Sept. 13, 2005
HUNTINGTON, W.Va. -
Marshall University Director of Athletics Bob Marcum announced today that Pro Football Hall of Famer and Marshall Football legend Frank "Gunner" Gatski will be honored with the retirement of his number (#72) during Marshall's homecoming football game with UAB on October 15 in Huntington.
Gatski, who played center at Marshall from 1940 to 1942, will be the first player in school history to have his number retired.
"I am very honored to have my jersey number retired and being the only one makes it all the more special," Gatski said. "It all started at Marshall and the school has always treated me first-class whenever I have visited. I thoroughly enjoyed my career at Marshall and had so much fun there. I am thrilled and looking forward to coming back and being honored."
Gatski, a Farmington, W.Va. native, came to Marshall in 1940 thanks to an invitation from head coach Cam Henderson and the promise that if he earned it, he would get a scholarship. In 20 seasons as a high school player at Farmington High, to a college career at Marshall and Auburn (Following World War II), to a professional career that lasted 12 seasons with the Cleveland Browns and Detriot Lions, Gatski never missed a single game.
"We are looking forward to honoring Frank at homecoming," Marcum said. "His accomplishments are remarkable and a major part of the history and tradition of Thundering Herd football."
In over two seasons on the varsity squad at Marshall, Gatski, started 17 straight games at center, while also playing some at linebacker. It was during this time he picked up the nickname "Gunner" because of his hard-hitting style of play.
Marshall enjoyed great success during Gatski's time in Huntington. The Thundering Herd went 8-2 in 1940 and outscored its opponents 334-76 thanks in no small part to Gatski and his teammate College Football Hall of Famer Jackie Hunt. The following season, Marshall posted a 7-1 mark that included a win over Wake Forest. The 1942 season saw a different result due to the outbreak of World War II. With many Marshall players already called into military service the Herd managed just a 1-7-1 record.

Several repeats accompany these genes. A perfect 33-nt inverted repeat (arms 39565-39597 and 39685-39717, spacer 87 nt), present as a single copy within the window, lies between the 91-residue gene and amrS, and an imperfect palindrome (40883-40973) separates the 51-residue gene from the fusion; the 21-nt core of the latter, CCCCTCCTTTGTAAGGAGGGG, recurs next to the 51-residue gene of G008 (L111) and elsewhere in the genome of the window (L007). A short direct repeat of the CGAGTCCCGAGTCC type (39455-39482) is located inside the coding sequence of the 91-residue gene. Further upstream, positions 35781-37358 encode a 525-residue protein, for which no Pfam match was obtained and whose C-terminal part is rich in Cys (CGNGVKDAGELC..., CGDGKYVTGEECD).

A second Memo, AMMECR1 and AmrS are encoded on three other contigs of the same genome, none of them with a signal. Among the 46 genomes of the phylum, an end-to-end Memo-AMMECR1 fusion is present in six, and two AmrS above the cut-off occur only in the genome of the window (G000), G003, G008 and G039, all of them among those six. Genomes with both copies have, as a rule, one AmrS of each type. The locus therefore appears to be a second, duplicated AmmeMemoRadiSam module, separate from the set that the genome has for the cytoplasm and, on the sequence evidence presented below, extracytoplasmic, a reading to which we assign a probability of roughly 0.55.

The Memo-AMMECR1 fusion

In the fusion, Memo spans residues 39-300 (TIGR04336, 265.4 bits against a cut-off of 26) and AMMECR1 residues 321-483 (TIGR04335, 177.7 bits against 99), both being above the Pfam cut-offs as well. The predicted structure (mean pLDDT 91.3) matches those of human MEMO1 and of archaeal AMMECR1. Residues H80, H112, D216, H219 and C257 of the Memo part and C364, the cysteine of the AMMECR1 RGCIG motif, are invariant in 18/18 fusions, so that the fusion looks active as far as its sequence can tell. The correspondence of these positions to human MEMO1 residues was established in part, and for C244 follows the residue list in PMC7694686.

Gatski answered America's call in late 1942 and became part of the U.S. Army's infantry division where he spent three years in Europe serving his country. When he returned from the front in 1945 he enrolled at Auburn University where he played for part of the 1945 season.
In the spring of 1946 Gatski impressed the Cleveland Browns enough in a try out to earn a contract. During his 11 seasons in Cleveland, the Browns posted a 110-23-5 record, won the AAFC title in each of the league's four years of operation, and then won three National Football League titles (1950, 1954, and 1955). His Browns teams played for the NFL title every year from 1950 to 1956 and Gatski was the anchor of the Brown's innovative "pocket protection" scheme for the quarterback that was the prototype for the modern center.
After failing the reach the title game in 1956, the only time in his career that ever happened, Gatski signed with the Detroit Lions and in 1957 helped the Lions to a 59-14 win over Cleveland in the NFL Championship.
Gatski retired following the 1957 season after starting 132 consecutive games. In his career, his teams won eight championships (four in the AAFC and four in the NFL) and played for the championship in 11 of his 12 professional seasons.
In 1985 Gatski was enshrined in the Pro Football Hall of Fame and is the only former Marshall Player ever to achieve that honor. His star-laden class included NFL Commissioner Pete Rozelle, Joe Namath, Roger Staubach and O.J. Simpson.
In addition to the Pro Football Hall of Fame, Gatski is a member of the West Virginia Sports Writers Hall of Fame, and is a charter member of the Marshall University Athletics Hall of Fame.